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Sunday, 6 March 2016

Rebel of the Sands by Alwyn Hamilton (Yomna's Review)



Since this is a new release, I have chosen to make this review spoiler free!



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My rating: 4.5/5

One thing you don't know about this book is that it's shiny. Very shiny. Very beautiful. I kept on pausing reading the actual book and then just sitting for a few minutes and feeling the foil embossed parts on the book. You guys, my advice to you, do not read this book on ebook, it's too gorgeous. 

Okay, this might sound weird, but I usually never ever buy paperbacks or hardcovers of books I haven't read. The reason is that sometimes I buy books and they end up being horrible so I never read them and they just fill necessary space on my bookshelf. So usually, I only buy paperbacks (or hardcover) of books in a series I've already started or something I'm sure I will like. For example, I buy any Kiera Cass book blindly. 


But this book did not disappoint. At all. Took me a while to finish because I don't like bringing my physical copies of books to school because they get damaged and I hate that. Books are basically my babies and I take good care of them. 


In the beginning: This was one of those books you get into right away. I think I was bit thrown off when I started because I thought the book would be set in an age before guns, I didn't realize it was more modern than that, so I was a bit surprised. But instantly, I liked Amani's character and her strength enchanted me. 

Jin: I think Jin is very important not only as a love interest but only because he is male. You see, in this book, the people surrounding Amani are all sexist. Girls are ashamed to be, well, girls because since the day they were born there is open resentment at the fact that they were female. There was a part in the book where Amani felt sorry for one of her younger cousins because she hadn't realized yet that she should be ashamed to be born a girl. So, in this world where girls are hated and men are taught to only sexualize them, to demean them, it is important to have a good male character or else the whole book will be man hating.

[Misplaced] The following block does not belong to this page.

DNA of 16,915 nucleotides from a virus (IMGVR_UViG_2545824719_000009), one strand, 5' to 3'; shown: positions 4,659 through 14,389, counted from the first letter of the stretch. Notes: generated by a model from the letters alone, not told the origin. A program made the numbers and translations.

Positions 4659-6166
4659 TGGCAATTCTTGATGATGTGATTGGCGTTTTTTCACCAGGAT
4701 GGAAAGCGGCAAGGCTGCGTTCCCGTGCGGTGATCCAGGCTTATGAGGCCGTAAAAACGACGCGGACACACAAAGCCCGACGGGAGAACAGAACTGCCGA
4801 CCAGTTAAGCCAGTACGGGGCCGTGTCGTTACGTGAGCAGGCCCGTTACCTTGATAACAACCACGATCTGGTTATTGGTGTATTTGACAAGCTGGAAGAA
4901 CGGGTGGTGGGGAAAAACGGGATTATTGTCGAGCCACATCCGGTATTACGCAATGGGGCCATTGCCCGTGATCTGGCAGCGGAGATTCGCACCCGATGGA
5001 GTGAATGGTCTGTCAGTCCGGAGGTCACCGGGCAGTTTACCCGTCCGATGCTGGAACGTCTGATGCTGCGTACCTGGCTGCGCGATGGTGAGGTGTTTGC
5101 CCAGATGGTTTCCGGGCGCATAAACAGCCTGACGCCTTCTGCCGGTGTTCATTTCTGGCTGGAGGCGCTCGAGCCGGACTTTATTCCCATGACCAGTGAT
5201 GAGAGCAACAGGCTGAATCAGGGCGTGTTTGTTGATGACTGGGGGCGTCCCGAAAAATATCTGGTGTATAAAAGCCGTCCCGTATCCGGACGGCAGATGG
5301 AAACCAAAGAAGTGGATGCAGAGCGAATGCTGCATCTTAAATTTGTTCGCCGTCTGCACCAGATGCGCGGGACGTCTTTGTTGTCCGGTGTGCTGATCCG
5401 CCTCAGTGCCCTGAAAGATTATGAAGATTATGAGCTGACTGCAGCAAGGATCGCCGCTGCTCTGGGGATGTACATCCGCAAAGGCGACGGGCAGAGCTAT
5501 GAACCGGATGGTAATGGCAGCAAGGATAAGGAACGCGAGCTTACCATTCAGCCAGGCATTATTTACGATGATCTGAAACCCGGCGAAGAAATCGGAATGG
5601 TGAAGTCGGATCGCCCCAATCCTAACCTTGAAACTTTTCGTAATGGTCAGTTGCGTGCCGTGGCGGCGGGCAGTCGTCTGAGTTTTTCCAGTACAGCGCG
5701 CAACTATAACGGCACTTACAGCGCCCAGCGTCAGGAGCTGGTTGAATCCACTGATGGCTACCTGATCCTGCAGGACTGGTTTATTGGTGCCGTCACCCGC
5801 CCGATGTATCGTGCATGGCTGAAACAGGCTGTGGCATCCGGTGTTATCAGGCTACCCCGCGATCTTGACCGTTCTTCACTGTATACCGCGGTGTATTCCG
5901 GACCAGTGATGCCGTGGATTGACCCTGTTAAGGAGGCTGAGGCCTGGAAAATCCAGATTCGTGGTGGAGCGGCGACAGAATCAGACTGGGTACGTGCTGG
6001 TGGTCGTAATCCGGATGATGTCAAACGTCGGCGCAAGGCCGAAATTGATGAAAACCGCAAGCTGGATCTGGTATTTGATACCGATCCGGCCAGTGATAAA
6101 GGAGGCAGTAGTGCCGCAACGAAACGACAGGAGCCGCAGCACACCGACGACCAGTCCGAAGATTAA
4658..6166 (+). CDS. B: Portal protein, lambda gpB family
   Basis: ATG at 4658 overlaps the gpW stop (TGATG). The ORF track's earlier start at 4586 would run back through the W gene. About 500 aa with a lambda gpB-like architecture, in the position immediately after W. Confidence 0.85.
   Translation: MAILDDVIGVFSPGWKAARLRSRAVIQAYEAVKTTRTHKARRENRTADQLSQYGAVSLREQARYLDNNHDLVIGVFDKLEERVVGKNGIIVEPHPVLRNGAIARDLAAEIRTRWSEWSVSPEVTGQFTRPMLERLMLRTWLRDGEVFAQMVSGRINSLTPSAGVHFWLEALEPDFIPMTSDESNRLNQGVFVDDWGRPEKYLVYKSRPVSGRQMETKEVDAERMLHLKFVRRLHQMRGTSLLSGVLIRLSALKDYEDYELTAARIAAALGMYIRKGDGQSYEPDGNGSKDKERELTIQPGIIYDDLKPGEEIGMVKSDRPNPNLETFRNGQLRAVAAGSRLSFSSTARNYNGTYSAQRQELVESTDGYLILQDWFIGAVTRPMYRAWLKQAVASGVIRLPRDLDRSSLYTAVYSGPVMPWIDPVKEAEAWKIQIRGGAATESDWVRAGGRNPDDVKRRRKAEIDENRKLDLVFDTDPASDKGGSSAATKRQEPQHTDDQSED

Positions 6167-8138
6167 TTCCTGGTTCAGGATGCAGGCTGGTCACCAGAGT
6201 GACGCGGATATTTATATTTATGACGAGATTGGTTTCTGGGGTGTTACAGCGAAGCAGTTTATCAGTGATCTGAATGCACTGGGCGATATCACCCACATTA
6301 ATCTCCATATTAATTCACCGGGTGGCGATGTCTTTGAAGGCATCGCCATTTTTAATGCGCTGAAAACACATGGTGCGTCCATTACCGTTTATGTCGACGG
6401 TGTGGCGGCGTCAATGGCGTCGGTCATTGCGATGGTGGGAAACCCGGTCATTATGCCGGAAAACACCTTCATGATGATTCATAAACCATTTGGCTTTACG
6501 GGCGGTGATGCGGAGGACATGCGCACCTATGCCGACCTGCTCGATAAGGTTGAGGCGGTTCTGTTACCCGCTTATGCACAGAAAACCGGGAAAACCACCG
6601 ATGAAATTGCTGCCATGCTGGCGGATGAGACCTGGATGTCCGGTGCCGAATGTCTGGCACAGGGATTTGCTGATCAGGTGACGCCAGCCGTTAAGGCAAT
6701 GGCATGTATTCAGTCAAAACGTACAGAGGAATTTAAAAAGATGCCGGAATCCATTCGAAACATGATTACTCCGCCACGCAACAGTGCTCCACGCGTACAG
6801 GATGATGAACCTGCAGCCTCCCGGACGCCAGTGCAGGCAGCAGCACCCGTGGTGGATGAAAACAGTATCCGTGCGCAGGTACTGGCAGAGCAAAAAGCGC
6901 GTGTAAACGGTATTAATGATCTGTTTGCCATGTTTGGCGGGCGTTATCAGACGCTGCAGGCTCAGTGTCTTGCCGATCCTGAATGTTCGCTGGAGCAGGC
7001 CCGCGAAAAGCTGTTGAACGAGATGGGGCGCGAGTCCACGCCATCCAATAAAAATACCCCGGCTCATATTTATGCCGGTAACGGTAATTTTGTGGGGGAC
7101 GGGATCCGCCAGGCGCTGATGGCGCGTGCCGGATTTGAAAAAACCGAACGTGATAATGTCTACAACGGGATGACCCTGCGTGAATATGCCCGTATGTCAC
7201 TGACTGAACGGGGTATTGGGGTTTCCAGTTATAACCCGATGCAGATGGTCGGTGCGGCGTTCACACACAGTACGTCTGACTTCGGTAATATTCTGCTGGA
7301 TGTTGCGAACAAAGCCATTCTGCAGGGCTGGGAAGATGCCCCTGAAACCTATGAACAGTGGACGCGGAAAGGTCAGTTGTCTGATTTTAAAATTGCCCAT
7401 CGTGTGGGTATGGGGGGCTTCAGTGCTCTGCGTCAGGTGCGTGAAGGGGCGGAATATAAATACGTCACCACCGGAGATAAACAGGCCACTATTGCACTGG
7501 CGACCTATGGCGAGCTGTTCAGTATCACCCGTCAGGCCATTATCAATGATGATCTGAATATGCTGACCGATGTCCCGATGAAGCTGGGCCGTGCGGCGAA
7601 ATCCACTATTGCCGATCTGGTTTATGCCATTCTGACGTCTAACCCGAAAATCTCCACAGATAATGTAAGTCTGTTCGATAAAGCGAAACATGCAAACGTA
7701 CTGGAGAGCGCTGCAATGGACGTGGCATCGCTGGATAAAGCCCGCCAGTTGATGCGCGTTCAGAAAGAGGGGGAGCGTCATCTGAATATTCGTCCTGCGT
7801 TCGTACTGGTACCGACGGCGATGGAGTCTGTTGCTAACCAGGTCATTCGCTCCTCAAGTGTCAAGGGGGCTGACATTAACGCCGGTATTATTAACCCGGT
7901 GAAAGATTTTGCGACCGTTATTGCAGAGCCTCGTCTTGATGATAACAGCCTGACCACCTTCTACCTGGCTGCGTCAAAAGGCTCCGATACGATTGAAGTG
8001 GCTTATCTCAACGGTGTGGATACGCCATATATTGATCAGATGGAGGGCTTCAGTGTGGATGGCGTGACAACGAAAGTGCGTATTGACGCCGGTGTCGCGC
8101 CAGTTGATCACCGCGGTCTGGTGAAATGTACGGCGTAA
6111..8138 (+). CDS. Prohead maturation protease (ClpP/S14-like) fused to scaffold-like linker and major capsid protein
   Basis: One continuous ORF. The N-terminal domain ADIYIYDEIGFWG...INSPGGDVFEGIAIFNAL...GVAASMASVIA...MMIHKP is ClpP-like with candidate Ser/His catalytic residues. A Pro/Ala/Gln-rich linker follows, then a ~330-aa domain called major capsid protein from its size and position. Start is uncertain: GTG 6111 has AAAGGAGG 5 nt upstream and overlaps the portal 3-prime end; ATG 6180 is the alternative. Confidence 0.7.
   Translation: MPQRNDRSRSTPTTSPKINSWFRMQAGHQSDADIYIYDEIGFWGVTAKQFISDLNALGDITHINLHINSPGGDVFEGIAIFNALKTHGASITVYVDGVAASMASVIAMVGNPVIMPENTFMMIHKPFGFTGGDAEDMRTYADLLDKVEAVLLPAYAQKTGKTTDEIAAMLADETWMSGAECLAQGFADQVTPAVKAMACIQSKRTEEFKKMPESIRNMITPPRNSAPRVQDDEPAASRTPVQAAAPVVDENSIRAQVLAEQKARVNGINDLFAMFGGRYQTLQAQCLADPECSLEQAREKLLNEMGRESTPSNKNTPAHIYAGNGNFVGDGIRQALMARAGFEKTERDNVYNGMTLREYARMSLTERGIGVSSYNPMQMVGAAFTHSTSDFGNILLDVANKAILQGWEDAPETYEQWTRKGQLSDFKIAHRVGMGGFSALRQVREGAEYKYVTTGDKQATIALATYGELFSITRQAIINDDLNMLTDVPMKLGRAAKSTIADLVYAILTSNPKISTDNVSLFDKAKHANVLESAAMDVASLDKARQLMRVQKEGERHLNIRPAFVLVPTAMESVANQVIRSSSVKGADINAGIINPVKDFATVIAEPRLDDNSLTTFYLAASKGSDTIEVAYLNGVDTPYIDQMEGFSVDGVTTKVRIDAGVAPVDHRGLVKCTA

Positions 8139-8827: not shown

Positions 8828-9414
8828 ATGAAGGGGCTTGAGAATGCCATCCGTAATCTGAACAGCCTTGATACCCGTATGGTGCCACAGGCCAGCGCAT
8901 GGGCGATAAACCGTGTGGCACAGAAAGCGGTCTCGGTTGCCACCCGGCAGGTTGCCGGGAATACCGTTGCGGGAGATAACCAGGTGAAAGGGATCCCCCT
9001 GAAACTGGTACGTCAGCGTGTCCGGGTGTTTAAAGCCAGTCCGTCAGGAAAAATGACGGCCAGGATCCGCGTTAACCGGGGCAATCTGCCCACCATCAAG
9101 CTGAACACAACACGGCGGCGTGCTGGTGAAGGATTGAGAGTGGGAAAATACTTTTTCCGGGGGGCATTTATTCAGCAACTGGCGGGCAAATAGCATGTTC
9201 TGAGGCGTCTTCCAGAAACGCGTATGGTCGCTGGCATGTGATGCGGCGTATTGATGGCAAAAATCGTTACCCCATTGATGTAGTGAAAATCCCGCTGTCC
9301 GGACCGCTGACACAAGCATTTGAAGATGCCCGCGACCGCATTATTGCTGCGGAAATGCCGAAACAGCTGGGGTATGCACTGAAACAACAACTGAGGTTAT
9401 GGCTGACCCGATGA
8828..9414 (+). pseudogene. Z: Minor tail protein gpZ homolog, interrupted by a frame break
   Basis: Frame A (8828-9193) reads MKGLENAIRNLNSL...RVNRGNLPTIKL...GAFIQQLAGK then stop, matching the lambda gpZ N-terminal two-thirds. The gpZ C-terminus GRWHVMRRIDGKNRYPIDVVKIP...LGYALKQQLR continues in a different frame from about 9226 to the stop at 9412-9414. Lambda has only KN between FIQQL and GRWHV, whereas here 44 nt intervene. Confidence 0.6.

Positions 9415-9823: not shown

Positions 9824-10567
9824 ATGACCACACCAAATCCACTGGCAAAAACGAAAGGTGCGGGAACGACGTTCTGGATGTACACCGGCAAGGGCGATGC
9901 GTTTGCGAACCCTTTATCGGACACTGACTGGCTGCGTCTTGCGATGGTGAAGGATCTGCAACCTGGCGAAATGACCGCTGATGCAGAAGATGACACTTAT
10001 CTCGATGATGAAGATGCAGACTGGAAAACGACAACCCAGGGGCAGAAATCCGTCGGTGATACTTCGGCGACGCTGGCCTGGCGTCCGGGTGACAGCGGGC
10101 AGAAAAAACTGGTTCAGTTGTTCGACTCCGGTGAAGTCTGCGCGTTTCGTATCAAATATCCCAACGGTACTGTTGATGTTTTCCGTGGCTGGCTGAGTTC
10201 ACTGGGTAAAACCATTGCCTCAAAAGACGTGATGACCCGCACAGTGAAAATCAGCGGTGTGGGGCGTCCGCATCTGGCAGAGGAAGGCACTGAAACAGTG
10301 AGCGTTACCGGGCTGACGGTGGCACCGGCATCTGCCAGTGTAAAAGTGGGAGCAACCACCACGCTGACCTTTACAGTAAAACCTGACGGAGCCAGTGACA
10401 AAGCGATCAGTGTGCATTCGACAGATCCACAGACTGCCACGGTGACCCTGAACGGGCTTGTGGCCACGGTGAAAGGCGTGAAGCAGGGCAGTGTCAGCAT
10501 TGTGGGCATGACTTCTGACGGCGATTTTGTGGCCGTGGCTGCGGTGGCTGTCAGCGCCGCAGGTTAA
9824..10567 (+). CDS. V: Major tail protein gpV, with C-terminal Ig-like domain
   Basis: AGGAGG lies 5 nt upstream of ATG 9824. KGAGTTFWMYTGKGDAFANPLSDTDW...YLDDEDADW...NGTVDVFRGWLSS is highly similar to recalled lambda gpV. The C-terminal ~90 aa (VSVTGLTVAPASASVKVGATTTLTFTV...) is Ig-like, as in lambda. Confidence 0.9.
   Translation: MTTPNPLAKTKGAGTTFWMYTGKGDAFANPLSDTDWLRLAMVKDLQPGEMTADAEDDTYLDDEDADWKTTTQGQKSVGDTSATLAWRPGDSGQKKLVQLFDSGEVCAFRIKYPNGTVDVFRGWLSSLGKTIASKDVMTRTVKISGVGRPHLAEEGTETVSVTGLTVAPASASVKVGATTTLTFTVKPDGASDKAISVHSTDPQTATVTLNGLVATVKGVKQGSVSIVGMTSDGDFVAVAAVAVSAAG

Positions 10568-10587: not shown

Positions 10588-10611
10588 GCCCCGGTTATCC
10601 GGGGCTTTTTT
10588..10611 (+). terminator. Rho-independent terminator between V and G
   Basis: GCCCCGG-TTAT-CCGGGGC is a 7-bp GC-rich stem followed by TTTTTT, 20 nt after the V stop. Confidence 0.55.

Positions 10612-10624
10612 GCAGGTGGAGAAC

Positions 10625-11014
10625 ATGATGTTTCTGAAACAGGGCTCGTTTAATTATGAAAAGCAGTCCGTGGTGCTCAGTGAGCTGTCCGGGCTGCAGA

Now let me also say that Jin is a great love interest. He seems so cute and amazing! I would love to have him. He's an amazing character.

“Tell me that and we’ll go. Right now. Save ourselves and leave this place to burn. Tell me that’s how you want your story to go and we’ll write it straight across the sand.” 


The world: I think this book had a well-built world. I really liked the Djinni and the Buraqi and I think they're such fascinating creatures. I think this is one of the first books I've read set solely in the desert, and it's really cool and new for me. By the way, if you want to see more about this book you should visit its website here. It's pretty cool and not spoilery for those of you who haven't read the book yet.


Human geography: So I learned this term in humanities class when I wasn't too busy reading in class. It basically means how the people that are in a certain territory act and behave. Basically, it's all about identity and how it affects geography. The people in this book are very sexist. It's horrible to be a girl in this world. But the thing is, it makes Amani so much more brave and inspiring and I'm happy to add her to my list of strong female protagonists.


Is it worth the read?: I think yes, it's a very enchanting book about the need to be free, love, rebellion, and generally, doing what's right no matter what.


“Being born doesn’t make a single soul important. But you were important when I met you, that girl who dressed as a boy, who taught herself to shoot true, who dreamed and saved and wanted so badly. That girl was someone who had made herself matter. She was someone I liked. What the hell has happened since you came here that she is so worthless to you? What’s happened that only my brother’s approval and some power you never needed before can make you important? That’s why I didn’t want to bring you into this revolution, Amani. Because I didn’t want to watch the Blue-Eyed Bandit get unmade by a prince without a kingdom.” 


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